Always be honest and upfront with your guests. Let them know what to expect if a loved one with dementia will be attending. They may not notice too many changes early on, but they might notice that conversing with them can be difficult. Remind them to remain patient when the loved one starts repeating words and getting confused. This is the early stage of dementia (i.e. short-term memory loss). When guests are aware of the situation, they can help make the person feel comfortable and social.

For those experiencing middle to late stages of dementia, cognitive changes will be more noticeable. These dementia patients will not be able to recall their personal information, such as phone number or home address. Safety is a top concern since wandering is one of the difficult behaviors to manage in the later stages. It might be challenging for some to accept how much their loved ones have declined, and that home care is no longer part of their care options.

It is a good idea to share the status in a letter and/or email. You can also include a list of tips, like these. If your guests would like more information before the visit, you can provide them with a list of resources, including the Alzheimer’s Association and the Parkinson’s Foundation. They can also learn more about the responsibilities of family caregiver with the Family Caregiver Alliance. This non-profit organization is a wonderful resource center for family members of caregivers as well. Encourage your guests to be open, respectful and understanding.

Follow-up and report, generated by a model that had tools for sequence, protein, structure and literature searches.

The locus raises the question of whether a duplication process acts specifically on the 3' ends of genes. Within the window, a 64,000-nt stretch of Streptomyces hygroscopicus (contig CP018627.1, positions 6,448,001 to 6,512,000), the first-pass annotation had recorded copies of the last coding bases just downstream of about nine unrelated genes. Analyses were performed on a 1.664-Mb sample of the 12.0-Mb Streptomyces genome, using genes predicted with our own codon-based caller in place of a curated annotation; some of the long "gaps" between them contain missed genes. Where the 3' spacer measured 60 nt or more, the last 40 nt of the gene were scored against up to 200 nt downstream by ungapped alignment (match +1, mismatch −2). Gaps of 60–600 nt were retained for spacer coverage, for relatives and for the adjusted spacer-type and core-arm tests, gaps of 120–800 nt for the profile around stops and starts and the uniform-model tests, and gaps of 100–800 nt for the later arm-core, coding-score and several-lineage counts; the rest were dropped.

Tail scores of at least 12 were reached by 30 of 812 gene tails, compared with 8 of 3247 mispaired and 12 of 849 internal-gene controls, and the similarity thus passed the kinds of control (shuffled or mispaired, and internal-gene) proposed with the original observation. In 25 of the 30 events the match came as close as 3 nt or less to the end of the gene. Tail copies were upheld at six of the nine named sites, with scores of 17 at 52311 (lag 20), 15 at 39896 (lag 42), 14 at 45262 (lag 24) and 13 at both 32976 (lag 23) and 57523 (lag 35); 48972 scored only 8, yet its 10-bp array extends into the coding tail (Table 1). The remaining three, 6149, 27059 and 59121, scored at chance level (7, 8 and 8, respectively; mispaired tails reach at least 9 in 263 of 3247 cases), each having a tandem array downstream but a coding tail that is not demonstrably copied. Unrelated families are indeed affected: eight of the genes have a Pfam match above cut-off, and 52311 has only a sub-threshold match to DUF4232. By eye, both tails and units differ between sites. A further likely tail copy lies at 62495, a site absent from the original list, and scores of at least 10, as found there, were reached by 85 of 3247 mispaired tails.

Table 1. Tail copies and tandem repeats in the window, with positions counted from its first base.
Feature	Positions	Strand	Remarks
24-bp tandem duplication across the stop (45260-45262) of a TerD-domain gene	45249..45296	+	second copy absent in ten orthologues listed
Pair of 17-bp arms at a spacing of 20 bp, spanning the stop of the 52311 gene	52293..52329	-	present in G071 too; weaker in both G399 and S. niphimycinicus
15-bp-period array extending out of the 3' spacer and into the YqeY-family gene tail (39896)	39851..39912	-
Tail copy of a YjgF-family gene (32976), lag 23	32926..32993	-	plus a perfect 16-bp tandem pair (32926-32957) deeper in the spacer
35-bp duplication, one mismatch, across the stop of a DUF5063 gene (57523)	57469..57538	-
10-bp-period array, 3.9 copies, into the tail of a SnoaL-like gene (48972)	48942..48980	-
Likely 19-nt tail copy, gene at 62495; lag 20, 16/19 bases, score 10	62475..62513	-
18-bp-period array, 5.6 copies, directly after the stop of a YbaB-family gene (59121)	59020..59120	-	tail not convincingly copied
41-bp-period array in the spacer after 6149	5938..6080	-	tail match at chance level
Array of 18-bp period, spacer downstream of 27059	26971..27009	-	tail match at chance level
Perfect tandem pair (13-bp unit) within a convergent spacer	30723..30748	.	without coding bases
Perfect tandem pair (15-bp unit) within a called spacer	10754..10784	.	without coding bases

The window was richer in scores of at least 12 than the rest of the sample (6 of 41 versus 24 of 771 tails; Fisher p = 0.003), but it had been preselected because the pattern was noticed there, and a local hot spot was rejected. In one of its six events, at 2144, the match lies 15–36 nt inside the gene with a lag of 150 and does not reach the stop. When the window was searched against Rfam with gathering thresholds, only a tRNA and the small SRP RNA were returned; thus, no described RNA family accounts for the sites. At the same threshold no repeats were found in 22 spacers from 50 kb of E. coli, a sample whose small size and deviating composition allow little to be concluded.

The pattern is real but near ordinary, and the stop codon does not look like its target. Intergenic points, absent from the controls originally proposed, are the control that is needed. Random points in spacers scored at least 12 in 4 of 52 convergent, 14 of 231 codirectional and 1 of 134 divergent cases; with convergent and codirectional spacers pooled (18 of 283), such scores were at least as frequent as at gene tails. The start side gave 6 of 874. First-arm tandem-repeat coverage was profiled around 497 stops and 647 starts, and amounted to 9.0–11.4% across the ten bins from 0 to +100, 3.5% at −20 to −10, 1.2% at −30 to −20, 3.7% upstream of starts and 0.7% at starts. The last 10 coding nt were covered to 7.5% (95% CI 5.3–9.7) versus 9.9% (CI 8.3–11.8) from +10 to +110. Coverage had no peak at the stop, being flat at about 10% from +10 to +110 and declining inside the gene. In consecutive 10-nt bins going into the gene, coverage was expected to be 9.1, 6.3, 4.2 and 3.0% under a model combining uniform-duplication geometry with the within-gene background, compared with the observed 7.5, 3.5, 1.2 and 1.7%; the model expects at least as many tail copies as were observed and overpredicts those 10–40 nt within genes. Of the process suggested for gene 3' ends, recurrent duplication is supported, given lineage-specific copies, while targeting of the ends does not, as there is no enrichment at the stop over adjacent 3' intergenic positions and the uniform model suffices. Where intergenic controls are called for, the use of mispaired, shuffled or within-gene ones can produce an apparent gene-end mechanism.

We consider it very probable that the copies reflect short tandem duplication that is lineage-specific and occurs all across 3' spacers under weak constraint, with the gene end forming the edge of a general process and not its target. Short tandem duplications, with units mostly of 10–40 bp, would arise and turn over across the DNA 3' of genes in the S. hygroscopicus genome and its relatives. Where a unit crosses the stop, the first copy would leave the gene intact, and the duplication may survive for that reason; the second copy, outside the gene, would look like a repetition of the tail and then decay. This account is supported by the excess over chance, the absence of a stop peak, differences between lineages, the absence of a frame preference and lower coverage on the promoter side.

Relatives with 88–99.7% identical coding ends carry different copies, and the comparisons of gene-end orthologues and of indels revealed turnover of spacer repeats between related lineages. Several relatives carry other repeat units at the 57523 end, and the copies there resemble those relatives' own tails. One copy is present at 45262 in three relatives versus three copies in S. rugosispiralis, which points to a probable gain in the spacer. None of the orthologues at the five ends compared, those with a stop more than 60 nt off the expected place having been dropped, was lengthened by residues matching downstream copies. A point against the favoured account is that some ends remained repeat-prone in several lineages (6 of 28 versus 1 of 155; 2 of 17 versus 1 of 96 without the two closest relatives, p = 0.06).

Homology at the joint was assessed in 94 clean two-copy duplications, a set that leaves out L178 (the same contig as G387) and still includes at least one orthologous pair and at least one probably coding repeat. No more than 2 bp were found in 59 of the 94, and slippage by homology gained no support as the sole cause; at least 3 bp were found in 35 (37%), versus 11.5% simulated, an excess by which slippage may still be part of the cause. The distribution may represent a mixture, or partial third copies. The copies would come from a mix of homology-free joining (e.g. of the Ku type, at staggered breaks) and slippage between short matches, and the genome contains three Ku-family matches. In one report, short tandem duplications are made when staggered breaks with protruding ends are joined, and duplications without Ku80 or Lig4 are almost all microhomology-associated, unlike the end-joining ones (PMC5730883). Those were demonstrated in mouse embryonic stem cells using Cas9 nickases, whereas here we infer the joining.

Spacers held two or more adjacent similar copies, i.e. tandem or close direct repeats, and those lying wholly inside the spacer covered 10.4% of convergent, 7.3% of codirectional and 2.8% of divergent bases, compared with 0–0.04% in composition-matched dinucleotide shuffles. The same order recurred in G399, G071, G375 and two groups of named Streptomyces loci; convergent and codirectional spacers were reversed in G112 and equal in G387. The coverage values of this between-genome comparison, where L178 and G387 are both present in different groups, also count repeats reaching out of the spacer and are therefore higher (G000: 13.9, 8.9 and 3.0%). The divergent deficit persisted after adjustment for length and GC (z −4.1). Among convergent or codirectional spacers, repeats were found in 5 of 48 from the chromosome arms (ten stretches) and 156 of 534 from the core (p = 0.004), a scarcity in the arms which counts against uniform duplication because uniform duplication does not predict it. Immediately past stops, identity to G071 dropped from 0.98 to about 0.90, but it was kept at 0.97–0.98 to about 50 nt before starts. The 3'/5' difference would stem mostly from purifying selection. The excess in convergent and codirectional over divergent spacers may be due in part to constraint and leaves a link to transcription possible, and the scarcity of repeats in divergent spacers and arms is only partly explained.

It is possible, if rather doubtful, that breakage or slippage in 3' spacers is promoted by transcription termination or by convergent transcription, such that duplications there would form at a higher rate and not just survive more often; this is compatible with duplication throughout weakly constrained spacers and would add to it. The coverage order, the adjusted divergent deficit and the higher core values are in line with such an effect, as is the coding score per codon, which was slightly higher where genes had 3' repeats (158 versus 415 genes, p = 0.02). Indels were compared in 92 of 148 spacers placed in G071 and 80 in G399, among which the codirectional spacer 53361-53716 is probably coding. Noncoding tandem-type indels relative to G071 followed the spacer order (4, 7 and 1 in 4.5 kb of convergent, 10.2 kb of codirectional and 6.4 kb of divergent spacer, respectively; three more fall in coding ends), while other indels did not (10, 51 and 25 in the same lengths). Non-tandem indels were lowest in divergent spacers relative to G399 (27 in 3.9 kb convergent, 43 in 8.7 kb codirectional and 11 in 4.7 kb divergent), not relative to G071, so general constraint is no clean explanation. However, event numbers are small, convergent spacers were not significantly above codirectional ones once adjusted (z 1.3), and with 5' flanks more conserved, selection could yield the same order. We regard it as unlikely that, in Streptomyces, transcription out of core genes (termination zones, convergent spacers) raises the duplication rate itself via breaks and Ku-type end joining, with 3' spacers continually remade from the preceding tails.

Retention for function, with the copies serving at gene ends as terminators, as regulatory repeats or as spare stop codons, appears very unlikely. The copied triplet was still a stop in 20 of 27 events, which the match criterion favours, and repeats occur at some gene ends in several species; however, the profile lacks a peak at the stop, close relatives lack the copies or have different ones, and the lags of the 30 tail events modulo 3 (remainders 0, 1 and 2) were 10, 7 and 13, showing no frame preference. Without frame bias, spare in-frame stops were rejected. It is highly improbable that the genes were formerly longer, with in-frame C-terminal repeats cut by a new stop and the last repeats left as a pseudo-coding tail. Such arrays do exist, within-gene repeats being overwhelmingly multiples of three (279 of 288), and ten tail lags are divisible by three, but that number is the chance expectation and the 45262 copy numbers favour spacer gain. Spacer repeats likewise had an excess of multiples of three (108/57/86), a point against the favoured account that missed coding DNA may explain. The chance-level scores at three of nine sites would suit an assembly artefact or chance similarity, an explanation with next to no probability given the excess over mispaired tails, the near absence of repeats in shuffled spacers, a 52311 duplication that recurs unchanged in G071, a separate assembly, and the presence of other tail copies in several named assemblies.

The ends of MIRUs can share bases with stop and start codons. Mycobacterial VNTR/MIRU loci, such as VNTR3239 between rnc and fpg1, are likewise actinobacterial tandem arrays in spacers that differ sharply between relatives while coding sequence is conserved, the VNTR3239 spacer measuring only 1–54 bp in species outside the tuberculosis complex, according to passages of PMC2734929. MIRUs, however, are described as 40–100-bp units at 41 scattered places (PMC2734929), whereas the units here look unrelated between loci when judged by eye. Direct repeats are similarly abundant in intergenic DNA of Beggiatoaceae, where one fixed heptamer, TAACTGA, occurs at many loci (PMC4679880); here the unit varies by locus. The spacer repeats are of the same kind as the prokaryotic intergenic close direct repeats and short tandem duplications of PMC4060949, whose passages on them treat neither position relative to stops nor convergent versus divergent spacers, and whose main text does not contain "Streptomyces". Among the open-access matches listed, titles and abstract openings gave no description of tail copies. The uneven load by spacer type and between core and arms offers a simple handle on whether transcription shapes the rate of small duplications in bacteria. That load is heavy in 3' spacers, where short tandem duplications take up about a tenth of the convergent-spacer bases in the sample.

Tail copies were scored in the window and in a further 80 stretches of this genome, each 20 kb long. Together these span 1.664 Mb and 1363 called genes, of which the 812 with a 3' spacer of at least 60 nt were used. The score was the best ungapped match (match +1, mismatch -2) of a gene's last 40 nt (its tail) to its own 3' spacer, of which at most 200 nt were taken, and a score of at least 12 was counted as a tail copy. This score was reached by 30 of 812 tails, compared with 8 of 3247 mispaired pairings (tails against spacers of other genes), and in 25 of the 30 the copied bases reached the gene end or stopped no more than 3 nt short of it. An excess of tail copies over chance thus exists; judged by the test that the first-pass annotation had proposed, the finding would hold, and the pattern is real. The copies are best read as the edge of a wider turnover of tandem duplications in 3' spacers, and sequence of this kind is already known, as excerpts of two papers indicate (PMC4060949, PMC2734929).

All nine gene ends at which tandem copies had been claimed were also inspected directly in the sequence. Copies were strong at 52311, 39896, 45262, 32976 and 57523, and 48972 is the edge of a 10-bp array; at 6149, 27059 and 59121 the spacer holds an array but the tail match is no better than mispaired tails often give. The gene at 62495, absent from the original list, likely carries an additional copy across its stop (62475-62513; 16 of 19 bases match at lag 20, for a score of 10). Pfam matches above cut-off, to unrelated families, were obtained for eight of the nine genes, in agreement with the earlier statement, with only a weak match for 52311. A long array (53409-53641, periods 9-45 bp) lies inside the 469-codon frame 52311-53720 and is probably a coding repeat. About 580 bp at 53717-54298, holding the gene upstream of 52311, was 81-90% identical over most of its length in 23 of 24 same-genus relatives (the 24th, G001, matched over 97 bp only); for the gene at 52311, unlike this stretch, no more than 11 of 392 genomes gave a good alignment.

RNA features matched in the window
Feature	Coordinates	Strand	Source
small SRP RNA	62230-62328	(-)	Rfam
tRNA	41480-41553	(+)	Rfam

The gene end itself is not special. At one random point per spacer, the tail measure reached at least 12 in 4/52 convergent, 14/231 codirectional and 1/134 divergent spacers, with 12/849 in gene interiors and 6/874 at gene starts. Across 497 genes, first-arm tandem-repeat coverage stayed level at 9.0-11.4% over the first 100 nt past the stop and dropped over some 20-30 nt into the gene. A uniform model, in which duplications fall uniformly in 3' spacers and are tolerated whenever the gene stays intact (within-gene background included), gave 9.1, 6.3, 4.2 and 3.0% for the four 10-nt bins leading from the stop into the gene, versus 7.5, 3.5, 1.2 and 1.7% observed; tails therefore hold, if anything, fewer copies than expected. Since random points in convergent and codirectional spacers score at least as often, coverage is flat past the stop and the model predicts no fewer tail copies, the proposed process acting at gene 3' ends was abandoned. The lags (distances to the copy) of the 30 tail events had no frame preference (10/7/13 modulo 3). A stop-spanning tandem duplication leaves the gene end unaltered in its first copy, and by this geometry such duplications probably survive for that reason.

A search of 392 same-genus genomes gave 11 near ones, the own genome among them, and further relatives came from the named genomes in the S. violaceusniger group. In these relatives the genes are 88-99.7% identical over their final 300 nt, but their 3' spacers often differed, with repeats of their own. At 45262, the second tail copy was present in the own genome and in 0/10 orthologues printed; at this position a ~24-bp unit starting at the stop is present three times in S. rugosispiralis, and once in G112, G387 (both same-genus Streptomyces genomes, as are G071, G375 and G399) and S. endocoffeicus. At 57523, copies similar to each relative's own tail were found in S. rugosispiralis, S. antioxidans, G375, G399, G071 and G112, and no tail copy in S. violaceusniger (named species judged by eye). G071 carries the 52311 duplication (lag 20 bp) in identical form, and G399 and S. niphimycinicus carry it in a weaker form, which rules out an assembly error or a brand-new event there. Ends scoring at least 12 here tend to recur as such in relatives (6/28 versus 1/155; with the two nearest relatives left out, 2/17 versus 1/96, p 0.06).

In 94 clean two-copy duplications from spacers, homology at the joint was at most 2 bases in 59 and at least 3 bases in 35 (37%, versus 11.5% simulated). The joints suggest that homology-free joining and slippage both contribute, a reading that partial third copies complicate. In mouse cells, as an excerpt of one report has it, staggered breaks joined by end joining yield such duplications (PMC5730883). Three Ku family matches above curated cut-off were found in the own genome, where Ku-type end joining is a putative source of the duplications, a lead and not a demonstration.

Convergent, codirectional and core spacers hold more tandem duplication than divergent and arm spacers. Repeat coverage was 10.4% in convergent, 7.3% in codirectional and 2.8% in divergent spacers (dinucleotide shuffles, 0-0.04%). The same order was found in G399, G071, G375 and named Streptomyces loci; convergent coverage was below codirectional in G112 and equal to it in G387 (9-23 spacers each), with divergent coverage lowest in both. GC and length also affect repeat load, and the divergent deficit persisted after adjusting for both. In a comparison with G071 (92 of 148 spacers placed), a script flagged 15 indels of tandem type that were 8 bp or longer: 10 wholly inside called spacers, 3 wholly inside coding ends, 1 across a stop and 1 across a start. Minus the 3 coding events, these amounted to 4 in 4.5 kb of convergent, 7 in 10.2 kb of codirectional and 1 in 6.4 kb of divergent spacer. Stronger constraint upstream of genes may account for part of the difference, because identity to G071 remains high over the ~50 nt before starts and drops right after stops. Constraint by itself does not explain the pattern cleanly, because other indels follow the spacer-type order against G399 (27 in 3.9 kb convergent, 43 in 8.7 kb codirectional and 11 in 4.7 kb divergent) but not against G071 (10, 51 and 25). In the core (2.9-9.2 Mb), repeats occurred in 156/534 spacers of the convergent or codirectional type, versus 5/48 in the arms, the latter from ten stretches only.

Traditions
Some traditions will be good for those with dementia, where others might not be the best. Also, don’t be let down when your loved one might not remember or understand traditions. Be patient and make the experience fun. You might even have to change some traditions up to help those with dementia to adapt easily, especially if he or she is in a nursing home or a senior living community. Try to limit the sweets and offer sugar-free candy and always be careful with the decorations you choose. Fake food could be mistaken as real food and blinking lights could cause confusion.

Socialize